Monday, 25 August 2014

Talking Points: Emily Nussbaum on how TV got great

By Julie Marlow

Emily Nussbaum is the fast talking, smart and seriously influential TV critic for The New Yorker.  She's often asked how she landed that dream job and the answer is: Buffy.  The Vampire Slayer was the show that got her talking, discussing and analysing American television as an art form at a time of momentous change in that medium.

Emily took us on a whistle-stop tour through the various incarnations of American television - the first early Golden Age, when it was more of an elite art form that championed plays, opera, and more original "highbrow" programming through to its commercialisation in the 50s, as networks harnessed the power of the medium to advertise. This then gave rise to popular formulaic shows like the half-hour sitcom, cowboy shows and police procedurals, but above all, the daytime soaps (which as the name suggests, were vehicles to sell soap powder to bored housewives), through the wacky 60s, the edgy 70s, the warm and fuzzy 80s, to the groundbreaking, game changing 90s.

Twin Peaks was the first TV show to break the mould. Helmed by the idiosyncratic filmmaker David Lynch with cinematic style, it subverted multiple genres and created a surreal, unsettling world centred around a standard whodunnit becoming completely addictive television. It paved the way for other edgy shows like The Simpsons, Seinfeld, My So-Called Life, leading to what Emily regards as the benchmark year, 1999, which saw new shows like The Sopranos, The West Wing, Buffy the Vampire Slayer, and Sex and the City become global must-see viewing.

Emily described some of these redefined genres:
  • Masculinity Masterpieces - those shows that depict complex male characters leading double lives - Tony Soprano, Don Draper in Mad Men, Al Swearengen in Deadwood
  • Daddy's Cry Hour - the middle aged marrieds, full of angst, harking back to thirtysomething in the 80s - Six Feet Under, etc
  • Camp Melodramas - Glee, Scandal, Ugly Betty.

All these shows and more gave rise to the Prickly Auteur: the celebrity show runner. Why are they always called David, or occasionally Matt?  And all these shows took existing genres, the mob show, the western, the cop show, and turned them into opera without the soap. We now have the Indie Memoir Auteur Sitcom - Girls, Louie¸ confessional, intimate, with real people.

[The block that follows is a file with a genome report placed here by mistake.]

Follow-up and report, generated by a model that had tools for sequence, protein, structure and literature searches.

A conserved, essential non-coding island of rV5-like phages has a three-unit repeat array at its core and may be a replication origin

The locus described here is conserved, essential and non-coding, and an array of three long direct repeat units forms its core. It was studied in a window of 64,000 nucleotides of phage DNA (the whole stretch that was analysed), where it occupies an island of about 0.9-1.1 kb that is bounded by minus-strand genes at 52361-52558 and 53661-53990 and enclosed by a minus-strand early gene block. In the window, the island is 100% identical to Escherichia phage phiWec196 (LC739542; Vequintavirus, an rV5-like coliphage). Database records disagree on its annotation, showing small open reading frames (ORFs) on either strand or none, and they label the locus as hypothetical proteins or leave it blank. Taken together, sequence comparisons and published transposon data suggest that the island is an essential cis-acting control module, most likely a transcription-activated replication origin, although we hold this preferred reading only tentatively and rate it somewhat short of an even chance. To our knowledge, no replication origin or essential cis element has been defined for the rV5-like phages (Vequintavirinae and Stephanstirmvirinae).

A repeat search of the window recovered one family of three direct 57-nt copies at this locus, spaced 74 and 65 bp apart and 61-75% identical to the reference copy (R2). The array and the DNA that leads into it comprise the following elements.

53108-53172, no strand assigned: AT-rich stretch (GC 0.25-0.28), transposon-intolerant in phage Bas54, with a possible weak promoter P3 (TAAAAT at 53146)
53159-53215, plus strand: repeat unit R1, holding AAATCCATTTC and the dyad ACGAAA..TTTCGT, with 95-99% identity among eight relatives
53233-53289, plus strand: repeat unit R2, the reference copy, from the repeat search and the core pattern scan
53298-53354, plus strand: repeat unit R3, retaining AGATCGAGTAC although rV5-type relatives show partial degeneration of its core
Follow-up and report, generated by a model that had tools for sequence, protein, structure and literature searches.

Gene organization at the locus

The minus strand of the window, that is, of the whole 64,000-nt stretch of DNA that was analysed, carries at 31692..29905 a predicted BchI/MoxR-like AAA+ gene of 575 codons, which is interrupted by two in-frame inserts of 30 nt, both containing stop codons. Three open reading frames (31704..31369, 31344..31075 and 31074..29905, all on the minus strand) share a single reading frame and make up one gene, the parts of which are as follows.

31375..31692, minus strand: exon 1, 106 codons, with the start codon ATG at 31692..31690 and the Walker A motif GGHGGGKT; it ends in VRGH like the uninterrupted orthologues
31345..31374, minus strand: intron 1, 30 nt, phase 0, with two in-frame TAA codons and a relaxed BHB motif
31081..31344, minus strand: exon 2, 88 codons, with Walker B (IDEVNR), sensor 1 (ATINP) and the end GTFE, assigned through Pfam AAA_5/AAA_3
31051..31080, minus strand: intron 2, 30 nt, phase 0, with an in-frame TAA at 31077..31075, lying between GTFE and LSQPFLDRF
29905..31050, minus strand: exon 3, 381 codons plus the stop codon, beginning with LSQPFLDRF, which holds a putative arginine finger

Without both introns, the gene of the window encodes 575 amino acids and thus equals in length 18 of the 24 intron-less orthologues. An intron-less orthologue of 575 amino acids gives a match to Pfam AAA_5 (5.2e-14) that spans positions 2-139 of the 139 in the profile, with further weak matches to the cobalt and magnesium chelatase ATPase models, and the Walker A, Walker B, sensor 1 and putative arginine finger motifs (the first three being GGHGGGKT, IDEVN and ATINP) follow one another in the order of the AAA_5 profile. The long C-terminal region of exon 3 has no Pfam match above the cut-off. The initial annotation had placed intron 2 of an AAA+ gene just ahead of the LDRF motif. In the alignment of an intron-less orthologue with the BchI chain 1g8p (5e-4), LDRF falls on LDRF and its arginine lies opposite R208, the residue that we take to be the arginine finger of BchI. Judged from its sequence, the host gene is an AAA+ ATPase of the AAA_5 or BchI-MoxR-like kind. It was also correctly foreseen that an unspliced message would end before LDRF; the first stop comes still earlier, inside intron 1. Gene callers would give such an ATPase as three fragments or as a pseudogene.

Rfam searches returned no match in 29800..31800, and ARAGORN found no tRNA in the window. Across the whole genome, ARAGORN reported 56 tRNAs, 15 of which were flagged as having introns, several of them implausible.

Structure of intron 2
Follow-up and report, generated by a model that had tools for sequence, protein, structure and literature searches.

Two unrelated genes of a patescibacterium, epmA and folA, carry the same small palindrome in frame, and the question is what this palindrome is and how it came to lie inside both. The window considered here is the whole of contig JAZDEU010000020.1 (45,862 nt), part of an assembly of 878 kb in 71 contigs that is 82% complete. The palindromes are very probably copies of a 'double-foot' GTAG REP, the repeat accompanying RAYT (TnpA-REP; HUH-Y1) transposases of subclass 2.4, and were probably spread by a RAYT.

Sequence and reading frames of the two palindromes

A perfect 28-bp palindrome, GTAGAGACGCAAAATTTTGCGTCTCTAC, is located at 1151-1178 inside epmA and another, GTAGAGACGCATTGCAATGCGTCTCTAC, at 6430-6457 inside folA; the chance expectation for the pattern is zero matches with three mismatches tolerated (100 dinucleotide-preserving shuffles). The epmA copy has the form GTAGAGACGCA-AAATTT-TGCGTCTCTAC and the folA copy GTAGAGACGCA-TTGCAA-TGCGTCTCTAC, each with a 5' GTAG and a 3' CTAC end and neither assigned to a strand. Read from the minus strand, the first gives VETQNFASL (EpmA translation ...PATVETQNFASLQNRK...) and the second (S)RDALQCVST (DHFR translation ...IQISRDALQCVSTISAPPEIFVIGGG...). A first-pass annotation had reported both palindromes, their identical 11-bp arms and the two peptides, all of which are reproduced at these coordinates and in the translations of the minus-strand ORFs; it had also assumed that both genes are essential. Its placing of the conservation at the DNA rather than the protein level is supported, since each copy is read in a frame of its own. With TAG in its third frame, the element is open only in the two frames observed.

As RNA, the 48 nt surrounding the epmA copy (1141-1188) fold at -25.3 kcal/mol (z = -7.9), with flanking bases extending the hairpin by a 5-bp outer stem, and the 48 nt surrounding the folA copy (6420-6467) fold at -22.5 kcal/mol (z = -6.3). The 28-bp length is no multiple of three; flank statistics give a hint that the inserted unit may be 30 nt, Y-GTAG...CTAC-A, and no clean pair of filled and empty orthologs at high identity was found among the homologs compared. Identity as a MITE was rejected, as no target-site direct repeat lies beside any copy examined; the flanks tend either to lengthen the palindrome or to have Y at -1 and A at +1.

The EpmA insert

Emily's manifesto is that television has now come of age. In the past it was treated as something of a second class medium. But it is no longer valid to compare television to movies, or novels, or any other popular art form. TV now demands to be understood on its own terms, which are rich, multi-layered, complex.  Television is also responsive to its now more sophisticated, screen-literate audiences, who make their views known immediately through social media.

Although Emily does not comment on the business of television, it's clear to me that this expansion of creativity in television has much to do with the commissioning choices of US cable operators. With less hidebound, less restrictive parameters, cable channels have been quick to take programming risks that have paid off in spades, attracting new and loyal audiences with long-form drama series, starting with HBO's The Sopranos through to long running series like Mad Men, Deadwood, Breaking Bad, Game of Thrones; and now Netflix has entered the fray with House of Cards and Orange is The New Black. These shows are now considered to be mainstream television, with big budgets, concepts and stars. 


Time shifting, viewing on demand and yes, illegal downloading, have expanded the definition of television as we once knew it (can you imagine the notion of only four channels these days - TV as cult religion where millions watch the same show at the same time?) and have paved the way for more experimental material on the web that resists definition such as High Maintenance. 

It would seem today that the best television no longer settles into well-established formats, it pushes boundaries and explores the edge of the possible - and that's what makes it great.
From Left: Melinda Houston, Ronnie Scott and Emily Nussbaum.

Pic: Julie Marlow

This was a stimulating and wide-ranging session enhanced by Melinda Houston from The Age, on hand to contextualise recent trends in Australian television, and Ronnie Scott, who moderated some interesting questions from the audience, in particular one about what, these days, defines television, a whole other topic which deserves another session elsewhere all to itself. 

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